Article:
Monthly Archives: October 2017

The Men of the Kingdom Part I (Overlord #5)

Title: The Men of the Kingdom Part I

Author: Kugane Maruyama

Series: Overlord #5

Brain Ungulus is a shattered man after his encounter with Shalltear Bloodfallen. But Gazef Stronoff, his old rival, might be what he needs to get on his feet again. In the castle, Princess Renner is mostly useless, but she has a very devoted servant in Climb, who will do anything for her. Sebas and Solution are in the country simply to gather information, but Sebas’s kind nature soon gets him in trouble with the local criminals. When Climb’s path intersects with Sebas, Climb gets a glimpse of ultimate power . . .

This novel has fun moments, but by and large it’s mostly setting the stage for what happens in part 2. I like seeing some of the fallout from things like Brain’s fight with an enemy he absolutely couldn’t beat. Similarly, it’s interesting to compare Brain and Climb’s reactions to Sebas. Brain can’t help but compare Sebas to Shalltear, but Climb’s one-track mind allows him a different perspective.

Of course the best moments by far are watching Sebas take down a tiny corner of a corrupt organization. When the butler gets mad, the butler proves he’s just as capable of smashing in heads as anyone in Nazarick (and he’ll continue to look classy while doing it). My only regret is that there’s nothing even approaching a threat big enough to cause him to reveal his alternate dragon form (mentioned in book 3, but so far has yet to make an appearance even through book 11).

Sebas is also easy to feel sorry for because he’s the one person at Nazarick with something approaching basic human decency. He was the creation of Touch Me, who besides being the strongest person in the original game, was also the one who brought the guild together because of his compassion towards players who were having a hard time. Sebas inherited that desire to help the suffering (although he does have a condition I like: they have to be willing to struggle themselves. If they’re just not strong enough, that’s something he’ll help with, but if they’re not even going to try, he’s not going to bother). But he’s surrounded at Nazarick with a host of beings who don’t think like he does, and after Shalltear’s betrayal, aren’t willing to trust anything that looks like disloyalty . . .

Overall this novel drags on a bit. It’s unfortunate that even the bits about Sebas and Brain don’t really carry the long passages about Climb and Renner. Hopefully this will be part of what’s animated for season 2, which is due to start airing in January. That should help significantly by cutting out all the description in favor of visuals, therefore truncating the more boring parts for the actual fun. At any rate, though, since this does set up the next book, it’s not really skippable in order to understand some of what goes on there. I rate this book Recommended.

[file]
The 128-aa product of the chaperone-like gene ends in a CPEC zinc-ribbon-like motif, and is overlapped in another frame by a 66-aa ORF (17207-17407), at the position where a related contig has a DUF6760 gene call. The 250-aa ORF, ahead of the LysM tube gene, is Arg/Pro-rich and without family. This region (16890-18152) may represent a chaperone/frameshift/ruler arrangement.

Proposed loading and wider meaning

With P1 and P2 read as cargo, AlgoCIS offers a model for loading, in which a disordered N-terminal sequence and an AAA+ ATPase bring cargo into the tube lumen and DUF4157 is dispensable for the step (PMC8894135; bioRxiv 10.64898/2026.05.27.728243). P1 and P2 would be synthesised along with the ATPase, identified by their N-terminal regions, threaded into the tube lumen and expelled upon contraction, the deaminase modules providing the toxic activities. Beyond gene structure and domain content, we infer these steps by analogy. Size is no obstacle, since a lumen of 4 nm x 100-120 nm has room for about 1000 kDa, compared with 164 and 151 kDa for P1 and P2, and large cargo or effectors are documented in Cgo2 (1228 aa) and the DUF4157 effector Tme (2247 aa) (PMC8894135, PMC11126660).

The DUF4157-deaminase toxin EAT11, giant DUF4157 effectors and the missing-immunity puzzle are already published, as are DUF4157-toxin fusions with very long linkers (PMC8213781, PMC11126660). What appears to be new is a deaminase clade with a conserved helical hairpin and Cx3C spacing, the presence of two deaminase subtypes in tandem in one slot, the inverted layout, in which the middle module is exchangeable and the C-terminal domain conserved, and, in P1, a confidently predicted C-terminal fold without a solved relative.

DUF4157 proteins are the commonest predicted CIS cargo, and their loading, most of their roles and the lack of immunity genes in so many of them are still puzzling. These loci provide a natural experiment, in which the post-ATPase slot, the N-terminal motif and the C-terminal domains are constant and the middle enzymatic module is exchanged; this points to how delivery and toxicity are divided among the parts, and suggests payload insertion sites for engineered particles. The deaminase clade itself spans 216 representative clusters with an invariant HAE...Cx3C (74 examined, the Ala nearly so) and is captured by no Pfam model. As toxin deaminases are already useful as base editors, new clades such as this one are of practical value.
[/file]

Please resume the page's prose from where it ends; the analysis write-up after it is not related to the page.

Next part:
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My Hero Academia (anime)

Title: My Hero Academia

Episodes: 14-38

Izuku Midoriya has inherited the superpowers of the mightiest hero of all—but can he live up to those lofty expectations during the annual UA Sports Festival? Then, when the festival is barely over, the students get some on-the-job training from pro heros. Then again, some internships turn out to be a little more than anyone bargained for. Finally, with the end of the semester comes exams! And UA’s exams consist of both a written and a practical.

This season covers several major arcs, as detailed above. I like the tail end of the Sports Festival arc, but I’m not as keen on the beginning. Doubly so when the anime tries to cover the fact that these chapters don’t QUITE make a full episode and slap in 4 minutes of recap at the front of the first several episodes. However, once the arc gets in full swing, the physical challenges of the actual event start to mingle with the more interesting emotional and psychological challenges various characters face.

The festival also highlights several of the characters around Izuku, most notably Todoroki and Bakugou. Todoroki and Izuku make an interesting contrast: the scions of the first and second ranked heros, both expected to carry on and surpass their forebearers, but urged onward for opposite reasons. Endeavor is consumed with defeating All Might and becoming the number one hero. And if he can’t do it, his son will. All Might may not even notice that rivalry—but as a teacher, he knows he’s falling short.

The internship arc introduces a villain who challenges the “hero society” and has his own lethal way of dealing with what he considers fake heros. And the exam arc is another place where some of the non-core cast members finally get a chance to step up.

Manga readers will appreciate how the anime does flesh out several short or offhand mentions into actual fights (or in Tsuyu’s case, almost a whole episode). The pacing does suffer most at the beginning, when the recaps feel like they take up a huge part of the episode, but as the series rolls on, it settles into a more comfortable groove.

Overall, if you liked the first season, there’s plenty more to like here. The story is beginning to show bits of the world beyond the school, the world these young heros will one day inherit, and it’s not all it’s cracked up to be (just look at Bakugou’s internship). I rate this show Recommended.